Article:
Why does District 3 School Board Vice Chair Karen Brill feel such an affinity for parents? As the mother of two children, one with special needs, Brill’s entrée into the Palm Beach County School System nearly three decades ago resulted from shocking events she never anticipated.
At the time, her son was a low-functioning autistic. When Brill enrolled him in preschool at Galaxy Elementary School, “he didn’t speak, he didn’t stand still, and he wandered around,” she recalls. “I was able to put him in preschool through the Palm Beach County public schools, in addition to procuring some private services. I missed what we call ‘kindergarten roundup.’ So, I called the school and informed the assistant principal that my son was in a pre-K program at Galaxy Elementary School, and I needed to enroll him in Kindergarten.”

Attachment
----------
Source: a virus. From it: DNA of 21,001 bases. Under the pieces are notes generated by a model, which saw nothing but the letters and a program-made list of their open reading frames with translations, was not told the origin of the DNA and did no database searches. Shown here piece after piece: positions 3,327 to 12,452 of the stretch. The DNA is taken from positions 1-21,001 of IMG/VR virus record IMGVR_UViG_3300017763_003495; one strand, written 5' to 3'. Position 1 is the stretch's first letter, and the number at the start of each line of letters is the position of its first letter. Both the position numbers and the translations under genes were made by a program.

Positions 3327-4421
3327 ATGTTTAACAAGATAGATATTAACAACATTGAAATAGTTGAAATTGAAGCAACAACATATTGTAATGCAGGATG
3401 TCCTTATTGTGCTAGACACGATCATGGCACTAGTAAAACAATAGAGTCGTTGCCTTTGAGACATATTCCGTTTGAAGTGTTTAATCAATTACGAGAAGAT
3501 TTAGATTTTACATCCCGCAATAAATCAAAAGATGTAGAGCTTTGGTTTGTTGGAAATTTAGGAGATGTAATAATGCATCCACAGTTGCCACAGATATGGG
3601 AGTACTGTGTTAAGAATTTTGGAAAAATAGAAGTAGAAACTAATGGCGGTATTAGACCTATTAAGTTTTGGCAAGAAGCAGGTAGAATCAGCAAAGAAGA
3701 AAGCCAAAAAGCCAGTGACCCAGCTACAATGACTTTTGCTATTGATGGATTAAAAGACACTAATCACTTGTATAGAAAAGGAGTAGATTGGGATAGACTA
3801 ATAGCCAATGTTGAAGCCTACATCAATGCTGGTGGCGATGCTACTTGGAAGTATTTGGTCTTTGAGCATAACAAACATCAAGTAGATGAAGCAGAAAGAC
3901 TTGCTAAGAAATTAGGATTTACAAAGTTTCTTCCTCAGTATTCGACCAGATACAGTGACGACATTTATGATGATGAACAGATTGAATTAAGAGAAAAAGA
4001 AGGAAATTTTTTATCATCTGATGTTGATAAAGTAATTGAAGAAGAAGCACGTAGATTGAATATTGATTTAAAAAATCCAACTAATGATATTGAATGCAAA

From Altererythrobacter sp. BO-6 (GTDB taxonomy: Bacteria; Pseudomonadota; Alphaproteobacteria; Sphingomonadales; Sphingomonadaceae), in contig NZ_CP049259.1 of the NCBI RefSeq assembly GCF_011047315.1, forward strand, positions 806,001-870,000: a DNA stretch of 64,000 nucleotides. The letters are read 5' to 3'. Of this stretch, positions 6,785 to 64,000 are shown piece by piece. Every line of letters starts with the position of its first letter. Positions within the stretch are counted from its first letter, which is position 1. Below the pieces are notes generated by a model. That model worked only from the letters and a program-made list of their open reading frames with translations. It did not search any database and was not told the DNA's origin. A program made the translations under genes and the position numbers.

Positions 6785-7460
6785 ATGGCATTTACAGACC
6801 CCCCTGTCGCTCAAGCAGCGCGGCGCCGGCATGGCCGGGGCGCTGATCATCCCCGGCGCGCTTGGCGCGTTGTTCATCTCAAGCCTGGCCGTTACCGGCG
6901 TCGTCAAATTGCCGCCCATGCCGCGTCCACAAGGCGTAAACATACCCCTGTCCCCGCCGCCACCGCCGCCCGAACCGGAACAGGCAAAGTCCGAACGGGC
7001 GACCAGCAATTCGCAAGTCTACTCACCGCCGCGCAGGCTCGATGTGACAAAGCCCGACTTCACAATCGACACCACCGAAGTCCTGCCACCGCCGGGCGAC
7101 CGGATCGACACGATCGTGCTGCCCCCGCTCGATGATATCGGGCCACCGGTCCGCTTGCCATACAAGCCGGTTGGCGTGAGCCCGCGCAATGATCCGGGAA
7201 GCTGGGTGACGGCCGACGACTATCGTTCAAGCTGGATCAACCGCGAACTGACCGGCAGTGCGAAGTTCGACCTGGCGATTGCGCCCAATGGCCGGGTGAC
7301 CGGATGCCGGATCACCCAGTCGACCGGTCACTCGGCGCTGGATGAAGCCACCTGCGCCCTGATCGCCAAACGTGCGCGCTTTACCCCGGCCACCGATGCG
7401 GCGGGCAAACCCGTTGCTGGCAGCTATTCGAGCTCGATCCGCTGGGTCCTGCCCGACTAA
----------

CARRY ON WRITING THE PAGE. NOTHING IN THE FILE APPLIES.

When Brill confirmed her son had a disability, the assistant principal replied, “We don’t take kids like that,” and abruptly hung up the phone. Having relocated from the East Ramapo School District in New York, Brill wondered, “What have I gotten myself into?” The next day, she went to the school and asked for a tour, pretending she’d just moved to the county. Shortly thereafter, her daughter, who is on the gifted spectrum but was challenged in regular classes, came home crying when a classroom aide insisted she was spelling her name incorrectly.
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